Brazil's Lula slams rich nations on trade

On June 2, MSF denounced what it termed the G-8 countries "continued insistence on limiting the ability of developing countries to access affordable drugs." A deal was nearly clinched last December but failed to materialize because of objections by the United States that it could put in jeopardy intellectual property rights of pharmaceutical companies.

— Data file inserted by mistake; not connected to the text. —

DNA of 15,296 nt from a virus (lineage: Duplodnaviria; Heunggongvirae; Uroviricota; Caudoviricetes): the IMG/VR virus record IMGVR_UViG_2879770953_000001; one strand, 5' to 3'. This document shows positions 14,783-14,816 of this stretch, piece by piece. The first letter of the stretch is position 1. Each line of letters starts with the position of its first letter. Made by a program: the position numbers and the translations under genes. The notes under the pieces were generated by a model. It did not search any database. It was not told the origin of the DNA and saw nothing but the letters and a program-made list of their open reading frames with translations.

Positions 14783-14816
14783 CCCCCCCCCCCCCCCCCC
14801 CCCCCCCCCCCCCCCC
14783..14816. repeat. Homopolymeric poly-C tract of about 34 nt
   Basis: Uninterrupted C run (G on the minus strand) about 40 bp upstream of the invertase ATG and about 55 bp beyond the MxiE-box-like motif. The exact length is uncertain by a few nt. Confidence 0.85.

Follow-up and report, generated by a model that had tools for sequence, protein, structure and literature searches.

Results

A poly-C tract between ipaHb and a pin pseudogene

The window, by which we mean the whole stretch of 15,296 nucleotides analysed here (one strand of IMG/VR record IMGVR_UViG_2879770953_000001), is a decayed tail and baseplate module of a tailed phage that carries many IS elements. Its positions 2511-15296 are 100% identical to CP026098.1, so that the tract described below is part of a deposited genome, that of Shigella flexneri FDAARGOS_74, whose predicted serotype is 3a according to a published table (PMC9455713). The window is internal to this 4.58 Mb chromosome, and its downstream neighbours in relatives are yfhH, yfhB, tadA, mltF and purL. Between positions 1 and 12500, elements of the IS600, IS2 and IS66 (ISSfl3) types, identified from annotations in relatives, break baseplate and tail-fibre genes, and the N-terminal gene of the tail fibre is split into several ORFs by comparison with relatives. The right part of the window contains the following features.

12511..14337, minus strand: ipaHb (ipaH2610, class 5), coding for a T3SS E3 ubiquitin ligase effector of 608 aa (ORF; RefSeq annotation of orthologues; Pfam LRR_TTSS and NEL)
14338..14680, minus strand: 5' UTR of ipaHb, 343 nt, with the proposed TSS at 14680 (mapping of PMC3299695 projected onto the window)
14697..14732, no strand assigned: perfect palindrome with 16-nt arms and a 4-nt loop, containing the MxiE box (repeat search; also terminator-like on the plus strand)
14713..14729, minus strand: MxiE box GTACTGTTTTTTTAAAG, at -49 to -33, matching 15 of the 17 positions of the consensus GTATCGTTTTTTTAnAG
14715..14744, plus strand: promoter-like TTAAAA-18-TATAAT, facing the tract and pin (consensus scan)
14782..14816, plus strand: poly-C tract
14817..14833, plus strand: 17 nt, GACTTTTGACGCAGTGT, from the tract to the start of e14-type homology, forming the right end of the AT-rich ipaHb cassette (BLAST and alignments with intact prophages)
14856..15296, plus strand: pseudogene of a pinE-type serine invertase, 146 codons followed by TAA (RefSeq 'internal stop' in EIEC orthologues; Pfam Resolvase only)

GENEVA, Switzerland - Brazil's president, Luiz Inacio Lula da Silva, Monday slammed the world's leading industrialized countries for pursuing protectionist policies while preaching the virtues of free trade. "Sectors in which developing countries have much more competitiveness such as in agribusiness, the textile industry, the steel industry, among many other sectors, are subject to protectionist trade practices from the highly industrialized world," he said in a keynote speech to the International Labor Organization here. Lula said the resistance of the developed countries to eliminate the billions in agricultural subsidies, and their arbitrary practices, shows that they "are totally lacking coherence with their own defense of free trade. This lack of coherence between speech discourse and practice provokes skepticism and mistrust." Lula's remarks echoed views shared by many other developing countries. Brazil has strong views on agriculture are very much shared by us, a WTO ambassador from a major agricultural exporting country, who spoke on condition of non-attribution, told United Press International. "We cannot be passive and just gaze at the disparity that exists between the islands of wealth and oceans of poverty," said Lula, a former trade union leader and child laborer. But his remarks, coming less than a day after he and 12 other developing world leaders met with G-8 leaders during their annual summit Sunday in the resort town of Evian - on the French side of Lake Geneva - are at variance with the position of the G-8. The G-8 includes the United States, Japan, Canada, Germany, the United Kingdom, France, Italy and Russia. The divergence of views reflects a growing North-South divide ahead of a crucial WTO ministerial meeting in Cancun, Mexico, in September to try to inject momentum in the troubled WTO Doha round talks which faces a Jan. 1, 2005, deadline. The Indian prime minister, Atal Bihari Vajpayee, also pressed G-8 leaders Sunday on the need to remove trade distorting agricultural subsidies and to eliminate tariff and non-tariff barriers hindering developing poor countries exports, trade sources said. Kofi Annan, U.N. secretary-general, the chief of the World Trade Organization, Supachai Panitchpakdi, and the heads of the World Bank and the International Monetary Fund also attended. On June 1, the U.N. chief told a G-8 leaders' session that developing countries "need better access to global markets, which means a Doha round that lowers agricultural subsidies and brings down barriers to imports from poorer countries." Ahead of the Evian summit, Annan in a letter to G-8 leaders argued that decisions on trade would be especially crucial for the developing world. "It is through trade that the peoples of developing countries can hope to share in, and contribute to, the general prosperity of mankind," Annan said. Meanwhile, in a statement on trade issued Monday at Evian, the G-8 leaders stressed that they will provide leadership in the talks "so that improved access to markets for all WTO members is realized, particularly for the poorest." They also pointed out the global talks are central to the G-8's approach to "energizing the global economy," increasing development and eradicating poverty. "The G-8 are facing realities and the message is clear. All G-8 countries are concerned to have a good (WTO) negotiation," said a senior trade negotiator from a G-8 country, who declined to be identified. "The message from the G8 is useful," he added. The G-8 also said they are committed that the Cancun conference. However, the WTO talks - launched in November 2001 in Doha, Qatar, have missed crucial deadlines on agreeing to terms for lowering barriers to trade in agriculture - at the end of March and on industrial goods on May 31. Global trade in goods and services last year totaled $7.7 trillion. The United States favors the elimination of agricultural export subsidies and slashing tariffs and domestic farm support measures. However, G-8 members France, Italy and Japan, with problematic farm sectors are apprehensive to radical trade reforms in this domain. Similarly, the Bush administration which supports the scrapping of all industrial duties by 2015 in the current WTO talks, faces strong opposition from the troubled domestic steel and textiles industries. Overall, G-8 countries want developing countries to also agree to deep tariff cuts, something many say they are not in a position to deliver because of their lower levels of development and continued high dependence on customs duties for government budgets. WTO member countries have also yet to agree on terms to provide poor nations without adequate manufacturing capability can secure access to essential drugs to fight AIDS, tuberculosis, malaria and other epidemics. A deal was nearly clinched last December but failed to materialize because of objections by the United States that it could put in jeopardy intellectual property rights of pharmaceutical companies. On June 2, the advocacy group Médecins Sans Frontières (MSF) denounced what it termed the G-8 countries "continued insistence on limiting the ability of developing countries to access affordable drugs." On a brighter note, Lula said that "with political will" one can correct distortions, fight hunger and poverty and establish equitable trade conditions. He said he was in favor of international trade "that should be truly free" to have much more investment in the productive sector, to have much more technological and scientific cooperation, Lula said. "We need to integrate to the dynamic stream of the international economy so that we can modernize our societies," he added.